Jassmi, Take Three


When a UAE-based Palestinian friend sends me a link to the Emirati singer Hussein Al-Jassmi’s hit Boshret khair (or “Good Tidings”), I wonder what she finds remarkable about the video. After Tesslam el ayadi (or “Saved be the hands”), Boshret khair — written by the mainstream lyricist Ayman Bahgat Qamar and composed by the notoriously anti-“revolution”, conspiracy-theorising musician Amr Mustafa — is the second and by far the more tasteful anthem of 30 June-3 July 2013. Its aim is to encourage a high turnout in the presidential elections, to bolster up the legitimacy of the current democratic process.

Quoting the lyrics, “Don’t begrudge [Egypt] your vote,” my friend turns out to be taken with the irony of Egyptians being urged onto the ballots by a citizen in a country where no voting is allowed whatsoever. She seems to find dark humour in the fact.

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Surat Youssef, 2008


فَلَمَّا سَمِعَتْ بِمَكْرِهِنَّ أَرْسَلَتْ إِلَيْهِنَّ وَأَعْتَدَتْ لَهُنَّ مُتَّكَأً وَآتَتْ كُلَّ وَاحِدَةٍ مِنْهُنَّ سِكِّينًا وَقَالَتِ اخْرُجْ عَلَيْهِنَّ فَلَمَّا رَأَيْنَهُ أَكْبَرْنَهُ وَقَطَّعْنَ أَيْدِيَهُنَّ وَقُلْنَ حَاشَ لِلَّهِ مَا هَذَا بَشَرًا إِنْ هَذَا إِلَّا مَلَكٌ كَرِيمٌ

Chapter and verse

Recently, The New Yorker magazine ran six first-person articles describing encounters with members of the monotheistic clergy, all published under the heading “Faith and doubt”. It is not clear what the occasion was for remembering Knowers of God, as clerics are sometimes honorifically referred to in Arabic. The pieces were engaging, but too short and inconclusive to say much. Four reflected a Christian universe of thought; one was set in a tree outside a synagogue. The only vaguely Muslim piece – about the headmaster of a religious school in Ghana – detailed this man’s unusual belief that no plane could stay aloft if the aviation engineer in charge did not recite the required verses of the Quran during take-off.

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Nazem Elsayed in one block

The formalist: a ramble

Ard ma’zulah bin-nawm (A land isolated by sleep), Beirut: Riyad El-Rayyes, 2007

Manzil al-ukht as-sughra (The little sister’s house), Beirut: Riyad El-Rayyes, 2009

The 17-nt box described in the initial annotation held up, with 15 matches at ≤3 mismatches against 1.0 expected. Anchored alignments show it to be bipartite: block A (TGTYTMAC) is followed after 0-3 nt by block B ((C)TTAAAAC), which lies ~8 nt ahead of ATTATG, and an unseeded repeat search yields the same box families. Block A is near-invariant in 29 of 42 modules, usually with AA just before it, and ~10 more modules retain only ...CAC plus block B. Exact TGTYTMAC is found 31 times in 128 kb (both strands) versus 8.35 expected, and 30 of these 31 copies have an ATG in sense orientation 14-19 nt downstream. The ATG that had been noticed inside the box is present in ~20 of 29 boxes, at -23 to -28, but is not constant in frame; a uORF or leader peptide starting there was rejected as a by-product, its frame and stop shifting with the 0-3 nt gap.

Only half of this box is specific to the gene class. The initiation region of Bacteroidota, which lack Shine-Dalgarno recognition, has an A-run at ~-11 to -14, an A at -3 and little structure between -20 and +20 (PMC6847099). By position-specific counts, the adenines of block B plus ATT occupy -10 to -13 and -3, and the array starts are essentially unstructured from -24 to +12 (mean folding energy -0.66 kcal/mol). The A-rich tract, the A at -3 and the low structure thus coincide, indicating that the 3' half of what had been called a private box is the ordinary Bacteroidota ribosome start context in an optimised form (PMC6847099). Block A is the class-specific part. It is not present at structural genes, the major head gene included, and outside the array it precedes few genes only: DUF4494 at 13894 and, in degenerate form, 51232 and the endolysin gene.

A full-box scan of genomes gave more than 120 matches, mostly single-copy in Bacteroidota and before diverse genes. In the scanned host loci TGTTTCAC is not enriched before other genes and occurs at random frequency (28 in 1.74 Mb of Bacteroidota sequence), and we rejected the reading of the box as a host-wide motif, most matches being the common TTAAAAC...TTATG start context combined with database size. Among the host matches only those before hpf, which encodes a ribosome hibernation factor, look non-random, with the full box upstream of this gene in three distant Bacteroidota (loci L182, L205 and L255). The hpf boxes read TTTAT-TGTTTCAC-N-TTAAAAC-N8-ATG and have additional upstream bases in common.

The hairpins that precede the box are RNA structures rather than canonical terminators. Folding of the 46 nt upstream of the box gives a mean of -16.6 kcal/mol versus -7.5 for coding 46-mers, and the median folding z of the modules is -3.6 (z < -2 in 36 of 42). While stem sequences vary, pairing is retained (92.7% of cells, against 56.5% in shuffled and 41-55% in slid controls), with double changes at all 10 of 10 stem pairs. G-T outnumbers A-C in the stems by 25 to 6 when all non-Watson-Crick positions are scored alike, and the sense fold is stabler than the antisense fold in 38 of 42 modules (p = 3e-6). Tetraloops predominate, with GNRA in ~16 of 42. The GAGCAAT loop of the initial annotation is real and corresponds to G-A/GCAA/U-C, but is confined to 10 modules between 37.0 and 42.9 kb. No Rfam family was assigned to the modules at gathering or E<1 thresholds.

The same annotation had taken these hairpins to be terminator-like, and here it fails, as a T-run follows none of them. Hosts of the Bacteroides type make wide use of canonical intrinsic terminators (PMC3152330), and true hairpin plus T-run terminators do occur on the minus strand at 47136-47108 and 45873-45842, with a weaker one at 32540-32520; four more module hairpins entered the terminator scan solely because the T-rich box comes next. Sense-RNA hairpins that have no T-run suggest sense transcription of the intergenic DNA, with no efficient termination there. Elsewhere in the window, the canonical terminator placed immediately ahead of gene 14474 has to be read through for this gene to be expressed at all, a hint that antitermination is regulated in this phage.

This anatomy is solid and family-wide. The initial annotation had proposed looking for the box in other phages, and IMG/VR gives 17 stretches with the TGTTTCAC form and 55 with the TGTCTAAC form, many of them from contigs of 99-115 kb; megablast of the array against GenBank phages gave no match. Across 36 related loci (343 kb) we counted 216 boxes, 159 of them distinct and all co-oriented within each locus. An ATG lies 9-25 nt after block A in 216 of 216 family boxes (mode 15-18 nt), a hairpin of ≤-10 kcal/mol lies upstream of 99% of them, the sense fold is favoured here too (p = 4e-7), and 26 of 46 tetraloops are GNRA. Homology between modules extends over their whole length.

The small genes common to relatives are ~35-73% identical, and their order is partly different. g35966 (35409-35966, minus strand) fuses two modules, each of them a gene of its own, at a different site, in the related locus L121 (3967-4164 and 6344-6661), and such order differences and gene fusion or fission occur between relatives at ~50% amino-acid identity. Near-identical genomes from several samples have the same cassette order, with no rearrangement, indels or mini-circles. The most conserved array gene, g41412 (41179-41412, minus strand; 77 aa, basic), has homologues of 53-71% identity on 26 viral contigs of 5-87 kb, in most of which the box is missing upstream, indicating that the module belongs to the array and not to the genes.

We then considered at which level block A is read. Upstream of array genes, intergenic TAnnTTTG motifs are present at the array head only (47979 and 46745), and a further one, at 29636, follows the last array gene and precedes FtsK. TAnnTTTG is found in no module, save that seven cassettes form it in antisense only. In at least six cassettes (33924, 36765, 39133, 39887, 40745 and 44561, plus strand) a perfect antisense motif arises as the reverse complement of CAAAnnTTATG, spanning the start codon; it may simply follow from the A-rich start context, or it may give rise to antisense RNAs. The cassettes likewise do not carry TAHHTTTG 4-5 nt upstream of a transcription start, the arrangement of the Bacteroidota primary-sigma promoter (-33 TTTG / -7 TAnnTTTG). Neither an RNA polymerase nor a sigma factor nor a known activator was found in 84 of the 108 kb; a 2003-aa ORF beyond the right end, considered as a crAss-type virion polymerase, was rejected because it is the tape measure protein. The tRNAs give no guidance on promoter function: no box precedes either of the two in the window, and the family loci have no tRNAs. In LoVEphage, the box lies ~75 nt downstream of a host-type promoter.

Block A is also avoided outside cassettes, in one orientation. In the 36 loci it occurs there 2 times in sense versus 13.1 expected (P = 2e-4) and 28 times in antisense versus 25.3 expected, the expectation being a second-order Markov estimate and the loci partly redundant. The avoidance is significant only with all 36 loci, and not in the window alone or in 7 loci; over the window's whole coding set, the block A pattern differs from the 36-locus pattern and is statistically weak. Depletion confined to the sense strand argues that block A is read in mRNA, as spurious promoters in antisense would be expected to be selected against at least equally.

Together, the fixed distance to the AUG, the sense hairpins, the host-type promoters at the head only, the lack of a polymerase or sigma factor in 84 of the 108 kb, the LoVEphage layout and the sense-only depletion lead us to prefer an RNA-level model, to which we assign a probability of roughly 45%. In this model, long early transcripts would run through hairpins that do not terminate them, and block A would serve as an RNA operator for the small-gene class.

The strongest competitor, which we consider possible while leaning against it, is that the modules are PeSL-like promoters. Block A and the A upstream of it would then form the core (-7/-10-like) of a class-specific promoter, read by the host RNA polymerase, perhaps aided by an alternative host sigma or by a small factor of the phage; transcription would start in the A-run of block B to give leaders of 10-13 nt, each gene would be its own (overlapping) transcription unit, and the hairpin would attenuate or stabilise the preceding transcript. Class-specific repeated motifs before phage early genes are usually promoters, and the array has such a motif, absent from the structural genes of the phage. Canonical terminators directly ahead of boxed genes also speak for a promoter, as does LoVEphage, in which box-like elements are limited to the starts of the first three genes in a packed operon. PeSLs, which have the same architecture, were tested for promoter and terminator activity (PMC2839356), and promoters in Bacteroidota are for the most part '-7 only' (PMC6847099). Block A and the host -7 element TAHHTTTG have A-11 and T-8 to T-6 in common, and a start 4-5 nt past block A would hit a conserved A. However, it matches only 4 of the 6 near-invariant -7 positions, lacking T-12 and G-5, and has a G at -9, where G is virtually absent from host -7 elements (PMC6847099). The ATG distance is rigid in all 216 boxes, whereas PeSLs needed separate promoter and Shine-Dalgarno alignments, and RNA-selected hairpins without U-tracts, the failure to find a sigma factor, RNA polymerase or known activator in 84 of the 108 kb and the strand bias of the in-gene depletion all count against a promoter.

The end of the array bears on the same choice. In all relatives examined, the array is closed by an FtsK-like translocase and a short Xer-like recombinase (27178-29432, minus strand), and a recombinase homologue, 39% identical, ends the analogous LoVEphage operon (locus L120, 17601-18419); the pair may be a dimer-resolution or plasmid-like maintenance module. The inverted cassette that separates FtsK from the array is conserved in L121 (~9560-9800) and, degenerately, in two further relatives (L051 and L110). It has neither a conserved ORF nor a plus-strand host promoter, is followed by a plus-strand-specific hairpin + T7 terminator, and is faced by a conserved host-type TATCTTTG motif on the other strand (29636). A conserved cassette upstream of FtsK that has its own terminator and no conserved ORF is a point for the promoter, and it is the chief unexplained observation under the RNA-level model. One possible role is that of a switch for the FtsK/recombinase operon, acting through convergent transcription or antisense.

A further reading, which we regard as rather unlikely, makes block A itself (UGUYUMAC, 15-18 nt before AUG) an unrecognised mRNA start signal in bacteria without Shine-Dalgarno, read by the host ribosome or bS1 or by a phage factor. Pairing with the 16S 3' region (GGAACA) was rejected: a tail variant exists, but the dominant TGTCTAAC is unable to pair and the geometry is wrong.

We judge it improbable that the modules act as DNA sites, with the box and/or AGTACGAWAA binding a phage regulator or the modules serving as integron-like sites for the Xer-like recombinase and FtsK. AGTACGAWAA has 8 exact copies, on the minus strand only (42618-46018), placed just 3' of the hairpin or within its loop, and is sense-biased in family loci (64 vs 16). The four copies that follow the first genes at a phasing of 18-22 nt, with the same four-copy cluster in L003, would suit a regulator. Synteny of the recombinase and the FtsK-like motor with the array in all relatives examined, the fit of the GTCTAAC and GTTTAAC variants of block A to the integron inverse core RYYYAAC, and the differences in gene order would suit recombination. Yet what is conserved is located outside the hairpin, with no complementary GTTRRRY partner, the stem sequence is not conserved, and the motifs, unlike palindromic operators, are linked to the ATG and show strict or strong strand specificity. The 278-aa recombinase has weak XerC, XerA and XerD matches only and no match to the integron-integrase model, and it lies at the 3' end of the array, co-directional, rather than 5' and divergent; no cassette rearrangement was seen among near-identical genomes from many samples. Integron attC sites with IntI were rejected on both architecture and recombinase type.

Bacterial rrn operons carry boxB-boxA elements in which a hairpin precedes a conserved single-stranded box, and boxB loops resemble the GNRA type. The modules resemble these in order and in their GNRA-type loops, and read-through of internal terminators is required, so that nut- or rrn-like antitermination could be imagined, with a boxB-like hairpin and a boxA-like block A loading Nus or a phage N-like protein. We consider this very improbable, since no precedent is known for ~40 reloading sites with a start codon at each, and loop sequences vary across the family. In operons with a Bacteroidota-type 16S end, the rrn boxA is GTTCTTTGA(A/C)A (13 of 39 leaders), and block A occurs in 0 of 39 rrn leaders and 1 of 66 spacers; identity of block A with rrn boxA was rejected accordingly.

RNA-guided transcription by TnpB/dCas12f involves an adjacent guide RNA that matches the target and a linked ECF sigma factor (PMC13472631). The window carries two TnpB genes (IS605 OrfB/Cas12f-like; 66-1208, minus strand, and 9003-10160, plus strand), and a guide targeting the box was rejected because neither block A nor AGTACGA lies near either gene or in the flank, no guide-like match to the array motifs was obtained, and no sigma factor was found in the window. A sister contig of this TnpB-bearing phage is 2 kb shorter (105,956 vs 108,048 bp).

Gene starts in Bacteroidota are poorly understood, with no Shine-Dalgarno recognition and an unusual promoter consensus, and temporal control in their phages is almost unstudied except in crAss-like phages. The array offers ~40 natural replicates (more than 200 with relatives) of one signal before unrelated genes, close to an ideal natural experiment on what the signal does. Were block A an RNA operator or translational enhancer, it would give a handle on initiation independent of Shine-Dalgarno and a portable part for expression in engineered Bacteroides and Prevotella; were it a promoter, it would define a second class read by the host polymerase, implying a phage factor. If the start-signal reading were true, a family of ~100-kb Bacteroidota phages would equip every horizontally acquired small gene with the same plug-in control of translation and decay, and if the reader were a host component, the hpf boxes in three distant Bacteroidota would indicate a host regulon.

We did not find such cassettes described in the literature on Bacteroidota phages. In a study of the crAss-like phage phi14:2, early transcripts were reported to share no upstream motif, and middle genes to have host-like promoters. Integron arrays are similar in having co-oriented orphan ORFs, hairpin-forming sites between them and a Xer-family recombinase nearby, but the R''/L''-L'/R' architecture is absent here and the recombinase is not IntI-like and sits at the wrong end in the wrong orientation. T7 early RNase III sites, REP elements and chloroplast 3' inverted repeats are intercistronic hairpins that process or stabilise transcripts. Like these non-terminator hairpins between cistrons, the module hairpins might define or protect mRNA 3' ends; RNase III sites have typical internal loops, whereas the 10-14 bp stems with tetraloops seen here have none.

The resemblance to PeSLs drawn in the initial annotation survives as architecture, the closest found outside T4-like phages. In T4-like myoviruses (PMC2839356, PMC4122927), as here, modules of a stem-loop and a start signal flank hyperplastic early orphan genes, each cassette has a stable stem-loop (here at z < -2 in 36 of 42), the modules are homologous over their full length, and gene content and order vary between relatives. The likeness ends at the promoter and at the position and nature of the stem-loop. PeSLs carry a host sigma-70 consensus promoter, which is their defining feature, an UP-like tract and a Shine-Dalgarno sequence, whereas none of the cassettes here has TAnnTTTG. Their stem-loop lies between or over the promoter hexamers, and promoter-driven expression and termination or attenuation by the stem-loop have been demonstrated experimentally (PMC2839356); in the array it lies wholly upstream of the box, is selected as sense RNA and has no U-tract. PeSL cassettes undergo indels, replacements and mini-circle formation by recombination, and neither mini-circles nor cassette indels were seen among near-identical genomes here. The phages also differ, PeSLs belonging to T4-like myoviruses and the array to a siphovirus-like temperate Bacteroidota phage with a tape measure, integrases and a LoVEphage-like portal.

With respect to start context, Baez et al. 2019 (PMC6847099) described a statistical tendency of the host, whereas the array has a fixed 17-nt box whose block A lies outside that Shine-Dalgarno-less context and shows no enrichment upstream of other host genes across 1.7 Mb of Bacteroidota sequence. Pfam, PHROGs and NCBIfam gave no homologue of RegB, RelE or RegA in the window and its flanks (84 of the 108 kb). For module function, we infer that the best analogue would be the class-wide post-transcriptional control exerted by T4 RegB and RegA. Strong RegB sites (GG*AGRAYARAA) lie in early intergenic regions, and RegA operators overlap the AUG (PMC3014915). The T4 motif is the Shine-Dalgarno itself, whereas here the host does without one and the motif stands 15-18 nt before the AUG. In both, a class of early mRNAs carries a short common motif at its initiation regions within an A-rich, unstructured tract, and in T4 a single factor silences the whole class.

The body confronts the world. It is alive, it comes forth, it has burst into consciousness. That is borne out when the senses operate, the brain processes perception. Instantly, objects take on meaning. Thus “The Truth About My Knee” from Manzil al-ukht as-sughra: It occurs to me at the height of darkness/To jump out of bed and smoke/But instead I place my knee on your back which like you is asleep/And thinks my knee is a dream/Get up/The eyes are more beautiful than the night you lock up in your head/Darkness is one thing/Night is another thing/Get up so you can see my knee in reality/Bent in walking and in the fancy of walking. Hence one of several possible prognoses of the moment of confrontation – the only one that interests me, really – in which the meaning that objects have taken on fits into some narrative of the self (an oversophisticated side-effect of language, arguably: this omnipresence of a self).

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Not just a river in Egypt

On the flight back from Cairo to Abu Dhabi, I watched a recent Egyptian comedy about a young man who lives in a tin pitcher.

Not literally – but that is the way he describes himself. Because rather than buying all the unaffordable beverages of which he and his little brother keep dreaming, he fills his vessel – the traditional poor man’s drinking cup – with tap water. Then, holding the wide end carefully to his mouth, he closes his eyes, takes a deep breath and, quaffing, invokes the coveted taste and pretends to relish it.

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